Amy Senser's homicide convictions should be overturned because prosecutors failed to prove she knew she had struck and killed a Minneapolis chef before leaving the crash, her attorney argued in an appeal filed Wednesday.

In a 45-page brief filed with the Minnesota Court of Appeals, attorney Eric Nelson expanded on a motion filed last summer, citing a dozen judicial missteps he said sealed his client's fate.

"Ms. Senser's case underwent a series of unusual occurrences and prejudicial rulings that strongly contributed to the jury's verdicts of conviction," he wrote.

In May, a jury convicted Senser of striking and killing Anousone Phanthavong in August 2011 as he put gas in his stalled car on an I-94 exit ramp. She was sentenced in July to 3 1/2 years at the Minnesota women's prison in Shakopee. At the sentencing and in post trial hearings, Hennepin County District Judge Dan Mabley publicly doubted the candor of Senser's testimony and her willingness to accept responsibility for Phanthavong's death.

The headline-grabbing trial of Amy Senser, the wife of former Vikings player and restaurateur Joe Senser, capped eight months of media scrutiny and public speculation over the degree to which Senser would be held accountable for a series of events that left two families devastated.

Charles Laszewski, a spokesman for the Hennepin County attorney's office, declined to comment, adding that his office had received Wednesday's brief very late in the day and had not yet had time to review it. Prosecutors have 45 days to file a response.

Nelson also had no comment on the appeal.

In the brief, however, he outlined three areas of argument:

• There wasn't enough evidence to support the convictions, specifically any proof that Senser had actual knowledge that the accident involved bodily injury or death of an individual.

• The trial judge made legal mistakes.

• The trial judge committed abuses of discretion that affected the jury's decision.

Nelson argued that the trial court failed to sequester the jury during the entire proceedings and argued that the trial court abused its discretion in suppressing evidence regarding Phanthavong's toxicology reports.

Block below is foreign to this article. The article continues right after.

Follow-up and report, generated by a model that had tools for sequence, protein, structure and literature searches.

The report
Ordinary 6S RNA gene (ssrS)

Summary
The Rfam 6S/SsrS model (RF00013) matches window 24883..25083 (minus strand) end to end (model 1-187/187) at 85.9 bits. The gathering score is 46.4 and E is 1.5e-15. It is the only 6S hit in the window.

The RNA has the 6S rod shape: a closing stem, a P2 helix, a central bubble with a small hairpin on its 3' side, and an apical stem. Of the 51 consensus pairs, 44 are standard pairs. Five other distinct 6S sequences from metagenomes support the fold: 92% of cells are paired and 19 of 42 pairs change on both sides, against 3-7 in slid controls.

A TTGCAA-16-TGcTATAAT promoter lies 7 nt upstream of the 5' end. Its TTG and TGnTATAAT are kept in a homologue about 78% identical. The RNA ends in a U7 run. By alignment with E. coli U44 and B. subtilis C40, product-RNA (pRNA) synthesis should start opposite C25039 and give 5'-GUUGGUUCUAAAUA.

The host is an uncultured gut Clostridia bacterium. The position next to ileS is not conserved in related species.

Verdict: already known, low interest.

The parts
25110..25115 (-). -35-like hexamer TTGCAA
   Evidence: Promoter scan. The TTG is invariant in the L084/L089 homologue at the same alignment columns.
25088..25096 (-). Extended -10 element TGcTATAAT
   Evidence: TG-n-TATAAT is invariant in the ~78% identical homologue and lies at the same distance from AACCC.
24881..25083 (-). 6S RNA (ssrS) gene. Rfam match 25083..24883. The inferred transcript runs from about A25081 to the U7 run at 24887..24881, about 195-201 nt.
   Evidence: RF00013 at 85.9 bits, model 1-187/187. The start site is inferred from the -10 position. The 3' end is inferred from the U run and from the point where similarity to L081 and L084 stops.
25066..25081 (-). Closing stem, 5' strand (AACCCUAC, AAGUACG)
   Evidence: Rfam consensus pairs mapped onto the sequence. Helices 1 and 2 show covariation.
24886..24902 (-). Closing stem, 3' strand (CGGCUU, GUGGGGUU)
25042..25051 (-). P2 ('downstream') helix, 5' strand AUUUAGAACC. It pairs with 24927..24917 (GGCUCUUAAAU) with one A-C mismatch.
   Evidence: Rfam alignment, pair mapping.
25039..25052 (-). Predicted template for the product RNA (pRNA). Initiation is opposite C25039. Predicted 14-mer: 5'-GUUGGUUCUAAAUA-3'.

A toxicology report from Phanthavong's autopsy showed a high level of cocaine in his system.

In addition, Nelson wrote, the trial court should have allowed defense witnesses to support Senser.

Jury's note at issue

The trial court abused its discretion in failing to disclose a jury's note to Senser, Nelson argued. "In Ms. Senser's case, the jurors sent a note to the Trial Court on the same day the verdict was announced," he wrote in the brief.

"The issue presented by this note, the knowledge requirement of the criminal vehicular homicide law, is central to the case and the jury's determination of guilt. ... Had the jury communication been disclosed, the parties would have had an opportunity to identify potential confusion amongst jurors during their deliberations and recognize the extent of the error in the jury instructions. This opportunity was never presented, as the contents of the note were not disclosed until days after the reading of the verdict."

Phanthavong, 38, a chef at True Thai restaurant in Minneapolis, was putting gas in his stalled car on Aug. 23, 2011, when he was struck and killed.

Senser, 46, left the scene and admitted to being the driver more than a week later, claiming through her attorney and on the witness stand that she did not know she had hit a person with her vehicle that night.

The jury convicted her on two counts of criminal vehicular homicide. At sentencing, she expressed remorse and Nelson asked for leniency, but the judge said a stiff sentence was in order because she had yet to accept responsibility for her actions.

Last summer, Nelson asked that Senser be released from prison pending appeal.

Mabley rejected Senser's release, saying that freeing her could call into question whether she would show up for later court appearances or otherwise influence the case.

Phanthavong's family had settled a wrongful-death lawsuit with the Sensers before the trial began.

Staff writer Abby Simons contributed to this report.

Allie Shah • 612-673-4488